Like television, radio and print, blogs are just a medium
Michael Skube's recent editorial in the Los Angeles Times provides a reasonable critique on the blogosphere but neglects to look at the larger picture.
When radio was first pioneered, print journalists were quick to dismiss it as inferior. This same scenario repeated itself with the advent of television and again with the rise of technologies that allowed solo journalists to produce their own stories single-handedly. As blogs and other community media become more popular and more relevant, the assault on this new medium continues to grow.
Michael Skube's recent editorial in the Los Angeles Times provides a reasonable critique on the blogosphere but neglects to look at the larger picture. He points out that many blogs are nothing more than commentary and suggests that many of these blogs are "noisy with disputation, manifesto-like postings and an unbecoming hatred of enemies real and imagined." While I can't argue with this conclusion, his analysis misses the fact that blogs have broken a number of important stories in recent years and fails to mention the non-news that the establishment media finds itself focusing on with alarming frequency.
Skube's article quickly generated a flurry of responses from both the bloggers it mentioned and several others as well. Joshua Micah Marshall's Talking Points Memo, a model for original reporting, was included in Skube's piece, but when Marshall wrote to him Michael Skube informed him that he was unaware of Marshall's work and "happy to give him benefit of the doubt." Apparently, an editor at the Times added Talking Points Memo to the list without bothering to research its content; it's the sort of behavior that Skube would likely attribute to the blogosphere, but who's keep score?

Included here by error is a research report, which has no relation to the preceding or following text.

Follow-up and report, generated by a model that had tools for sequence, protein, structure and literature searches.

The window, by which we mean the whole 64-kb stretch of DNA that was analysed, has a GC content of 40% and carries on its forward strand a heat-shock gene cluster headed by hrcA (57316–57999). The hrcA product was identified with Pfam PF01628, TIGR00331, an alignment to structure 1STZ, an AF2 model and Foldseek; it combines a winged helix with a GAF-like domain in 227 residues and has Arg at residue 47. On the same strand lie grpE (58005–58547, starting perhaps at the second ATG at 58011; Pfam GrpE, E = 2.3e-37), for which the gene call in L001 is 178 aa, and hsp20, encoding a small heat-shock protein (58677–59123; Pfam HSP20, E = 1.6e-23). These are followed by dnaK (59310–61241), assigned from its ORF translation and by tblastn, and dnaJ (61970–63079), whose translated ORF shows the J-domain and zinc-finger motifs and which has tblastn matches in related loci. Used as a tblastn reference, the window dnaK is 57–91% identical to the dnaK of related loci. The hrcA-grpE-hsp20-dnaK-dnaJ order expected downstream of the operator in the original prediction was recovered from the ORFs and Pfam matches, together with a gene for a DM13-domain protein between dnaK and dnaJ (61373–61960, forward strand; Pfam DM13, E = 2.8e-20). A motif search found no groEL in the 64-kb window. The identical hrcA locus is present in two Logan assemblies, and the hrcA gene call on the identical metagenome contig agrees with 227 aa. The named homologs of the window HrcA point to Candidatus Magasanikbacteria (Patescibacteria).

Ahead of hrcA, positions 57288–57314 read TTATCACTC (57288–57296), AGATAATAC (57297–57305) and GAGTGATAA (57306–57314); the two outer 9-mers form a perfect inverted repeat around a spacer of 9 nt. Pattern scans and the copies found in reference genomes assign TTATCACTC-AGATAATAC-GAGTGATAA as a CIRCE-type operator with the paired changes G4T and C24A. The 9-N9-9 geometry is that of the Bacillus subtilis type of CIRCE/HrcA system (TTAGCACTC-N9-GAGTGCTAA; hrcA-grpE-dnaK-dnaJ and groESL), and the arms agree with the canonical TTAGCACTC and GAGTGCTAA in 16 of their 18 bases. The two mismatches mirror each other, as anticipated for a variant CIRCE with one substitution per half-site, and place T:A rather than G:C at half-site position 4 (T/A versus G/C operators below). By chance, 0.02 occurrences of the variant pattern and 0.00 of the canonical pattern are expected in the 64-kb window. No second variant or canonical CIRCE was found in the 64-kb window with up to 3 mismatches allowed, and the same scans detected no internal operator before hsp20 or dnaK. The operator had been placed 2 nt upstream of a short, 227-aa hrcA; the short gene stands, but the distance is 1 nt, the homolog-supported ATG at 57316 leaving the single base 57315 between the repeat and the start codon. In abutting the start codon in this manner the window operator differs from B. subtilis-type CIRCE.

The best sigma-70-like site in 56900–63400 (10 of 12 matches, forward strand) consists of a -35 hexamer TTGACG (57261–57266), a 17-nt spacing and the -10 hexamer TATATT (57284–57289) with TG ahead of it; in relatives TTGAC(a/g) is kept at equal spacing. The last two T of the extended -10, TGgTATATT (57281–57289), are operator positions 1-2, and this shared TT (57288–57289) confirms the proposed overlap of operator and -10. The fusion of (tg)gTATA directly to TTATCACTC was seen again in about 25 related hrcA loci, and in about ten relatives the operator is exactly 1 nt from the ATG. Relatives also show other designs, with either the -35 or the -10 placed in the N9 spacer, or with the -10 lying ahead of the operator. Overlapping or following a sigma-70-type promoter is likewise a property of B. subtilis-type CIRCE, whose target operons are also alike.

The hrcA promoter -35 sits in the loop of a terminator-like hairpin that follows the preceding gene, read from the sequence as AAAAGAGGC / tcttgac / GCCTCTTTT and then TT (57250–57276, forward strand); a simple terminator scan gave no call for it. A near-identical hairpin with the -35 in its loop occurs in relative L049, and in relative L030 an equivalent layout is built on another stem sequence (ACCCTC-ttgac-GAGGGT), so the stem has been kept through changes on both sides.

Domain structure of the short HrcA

Jay Rosen at New York University also entered the fracas with a follow-up editorial for the Los Angeles Times that lists a number of important stories that were the result of bloggers' investigative efforts. Rosen also takes Skube to task for writing about blogs while not bothering to read them in order to fully research his subject, "which could be considered odd behavior for a college professor. (We're supposed to read a lot, then write.)"
It's clear that there are two camps on the issue, but it's uncertain what's fueling the debate. The advent of blogs have allowed a much larger segment of the population to fully participate in the marketplace of ideas. If professional journalists are so much better than their renegade counterparts, then it seems like Skube and others would have nothing to fear. On the other hand, if publishers think that the audience can't identify quality work and bloggers are willing to work at rates below press standards, then perhaps a fear that professional journalists will be replaced by bloggers at below-market rates is a rational concern. Of course, this isn't what Skube is saying, and discrediting bloggers is hardly the best way to combat this potential scenario.
Both bloggers and their news-media counterparts have the same basic goal: to inform the public about the world we live in. Their approaches vary and they both make factual errors on a regular basis, but this is a product of being human. What's important is for journalists from both the alternative and establishment camp to unify around our commonalities as opposed to proliferating barbs designed to diminish respect for the other's field.